Japan court rules failure to recognize same-sex marriage unconstitutional

Japan Times -- Mar 17
A Sapporo court ruled Wednesday that the government's failure to recognize same-sex marriage is unconstitutional in the country's first judicial ruling on marriage equality.

The ruling set a new precedent in the only Group of Seven nation not to fully recognize same-sex partnerships, though it rejected demands for damages to be paid. Still, it is a major symbolic victory for the LGBTQ community and activists in a country whose Constitution defines marriage as being based on "the mutual consent of both sexes."

The Sapporo District Court threw out the demand for damages by the six plaintiffs — two male couples and one female couple — who had asked that the government pay ¥1 million each due to the pain they suffered for not being able to legally marry.

In the landmark ruling, presiding Judge Tomoko Takebe sided with the couples who claimed the government was violating Article 14 of the Constitution that ensures the right to equality, describing as "discriminatory" the government's failure to implement legal measures to offer "even a degree" of marital benefits to same-sex couples.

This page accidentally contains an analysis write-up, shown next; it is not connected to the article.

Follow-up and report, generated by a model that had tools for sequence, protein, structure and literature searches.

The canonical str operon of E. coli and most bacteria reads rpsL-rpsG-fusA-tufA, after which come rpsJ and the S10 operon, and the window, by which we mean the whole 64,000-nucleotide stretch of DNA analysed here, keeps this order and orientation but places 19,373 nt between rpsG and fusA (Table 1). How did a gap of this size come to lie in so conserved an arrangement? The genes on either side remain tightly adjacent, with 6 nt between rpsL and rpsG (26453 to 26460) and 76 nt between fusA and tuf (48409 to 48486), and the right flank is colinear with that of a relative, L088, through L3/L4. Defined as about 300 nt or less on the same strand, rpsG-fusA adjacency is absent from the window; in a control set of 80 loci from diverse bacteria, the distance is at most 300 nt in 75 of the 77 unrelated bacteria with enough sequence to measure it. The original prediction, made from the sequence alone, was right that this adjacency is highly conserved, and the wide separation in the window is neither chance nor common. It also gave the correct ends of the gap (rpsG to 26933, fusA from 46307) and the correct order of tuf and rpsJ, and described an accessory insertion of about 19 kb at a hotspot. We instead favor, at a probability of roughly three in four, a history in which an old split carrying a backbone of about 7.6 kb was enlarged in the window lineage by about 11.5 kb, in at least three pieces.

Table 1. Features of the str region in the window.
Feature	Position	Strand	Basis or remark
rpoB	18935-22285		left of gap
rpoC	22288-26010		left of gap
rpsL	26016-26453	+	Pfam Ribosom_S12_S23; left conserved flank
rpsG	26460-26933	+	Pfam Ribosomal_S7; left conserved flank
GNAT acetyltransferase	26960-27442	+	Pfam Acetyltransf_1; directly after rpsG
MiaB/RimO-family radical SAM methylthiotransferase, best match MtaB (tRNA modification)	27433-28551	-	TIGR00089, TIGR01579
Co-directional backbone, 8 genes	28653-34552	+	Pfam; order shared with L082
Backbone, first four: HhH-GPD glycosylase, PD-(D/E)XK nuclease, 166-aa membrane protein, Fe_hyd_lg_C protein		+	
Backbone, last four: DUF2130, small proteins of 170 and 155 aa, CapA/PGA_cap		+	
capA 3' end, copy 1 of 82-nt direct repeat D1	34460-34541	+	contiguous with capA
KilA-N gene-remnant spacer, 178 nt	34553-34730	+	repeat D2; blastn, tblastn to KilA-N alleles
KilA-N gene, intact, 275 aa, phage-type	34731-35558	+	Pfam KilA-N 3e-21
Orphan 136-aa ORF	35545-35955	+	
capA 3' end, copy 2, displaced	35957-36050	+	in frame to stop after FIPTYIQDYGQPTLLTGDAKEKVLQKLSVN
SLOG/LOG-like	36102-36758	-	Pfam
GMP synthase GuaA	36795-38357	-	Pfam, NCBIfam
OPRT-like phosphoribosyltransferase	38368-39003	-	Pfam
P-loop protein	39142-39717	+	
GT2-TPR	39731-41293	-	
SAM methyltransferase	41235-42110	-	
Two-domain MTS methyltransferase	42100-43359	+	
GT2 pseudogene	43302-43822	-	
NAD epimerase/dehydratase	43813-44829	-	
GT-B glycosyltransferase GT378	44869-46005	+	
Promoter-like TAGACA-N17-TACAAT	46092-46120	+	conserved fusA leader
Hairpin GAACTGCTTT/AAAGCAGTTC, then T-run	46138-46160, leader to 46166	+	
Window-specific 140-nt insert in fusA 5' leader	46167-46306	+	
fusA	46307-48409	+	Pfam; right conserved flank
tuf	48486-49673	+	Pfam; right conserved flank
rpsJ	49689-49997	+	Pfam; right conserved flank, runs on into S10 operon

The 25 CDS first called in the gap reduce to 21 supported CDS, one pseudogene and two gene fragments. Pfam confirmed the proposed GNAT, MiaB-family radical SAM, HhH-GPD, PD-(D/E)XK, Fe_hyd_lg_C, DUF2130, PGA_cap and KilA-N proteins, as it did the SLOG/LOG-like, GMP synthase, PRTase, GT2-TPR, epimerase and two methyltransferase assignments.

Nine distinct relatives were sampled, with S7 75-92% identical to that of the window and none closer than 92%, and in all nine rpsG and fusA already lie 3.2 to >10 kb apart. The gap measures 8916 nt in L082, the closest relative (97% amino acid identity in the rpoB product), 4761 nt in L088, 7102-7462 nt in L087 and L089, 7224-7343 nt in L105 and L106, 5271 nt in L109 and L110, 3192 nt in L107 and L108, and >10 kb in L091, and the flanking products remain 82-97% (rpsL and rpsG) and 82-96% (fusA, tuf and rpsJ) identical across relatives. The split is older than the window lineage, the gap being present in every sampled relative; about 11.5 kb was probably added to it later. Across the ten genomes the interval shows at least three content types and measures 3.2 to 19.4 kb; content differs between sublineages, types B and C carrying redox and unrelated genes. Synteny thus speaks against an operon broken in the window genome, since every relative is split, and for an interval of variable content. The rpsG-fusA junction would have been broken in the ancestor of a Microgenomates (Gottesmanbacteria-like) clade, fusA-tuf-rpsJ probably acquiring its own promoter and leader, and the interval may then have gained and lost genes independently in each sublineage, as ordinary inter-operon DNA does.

However, she rejected the plaintiffs' demand for compensation, saying that the state reparations law was not violated, noting the difficulty for the Diet to quickly recognize the problem.

The lawsuit also revolved around the interpretation of marriage in Article 24 of the Constitution that stipulates, "Marriage shall be based only on the mutual consent of both sexes and it shall be maintained through mutual cooperation with the equal rights of husband and wife as a basis."

Takebe agreed with the government that there was no violation of Article 24 of the Constitution, saying it related to heterosexual marriage and did not mention same-sex marriage.

But the recognition that not allowing them to marry was unconstitutional was the victory the plaintiffs, their lawyers and activists had been hoping for.

- Japan Times

同性同士の結婚が認められないのは憲法に違反しているとして北海道の同性カップル3組が国を訴えた裁判で、札幌地裁は全国で初めて憲法で定められた法の下の平等に反する違憲の判断を示しました。  札幌と帯広に住む同性カップル3組は、同性同士の結婚を国が認めないのは憲法24条が保障する「婚姻の自由」などに違反しているとして国に損害賠償を求めていました。  国は「憲法24条で規定されている『両性』とは男女を意味し、同性婚は想定していなかった」と反論していました。  札幌地裁は原告の訴えを棄却しましたが、「同性愛者に対して婚姻を認めないのは立法府の裁量を超えていて差別取り扱いにあたるとして憲法14条に反するとの判断を示しました。  今回の判決について原告の1人は「憲法14条に違反していると聞き、涙が止まらなかった」と話しています。 - ANNnewsCH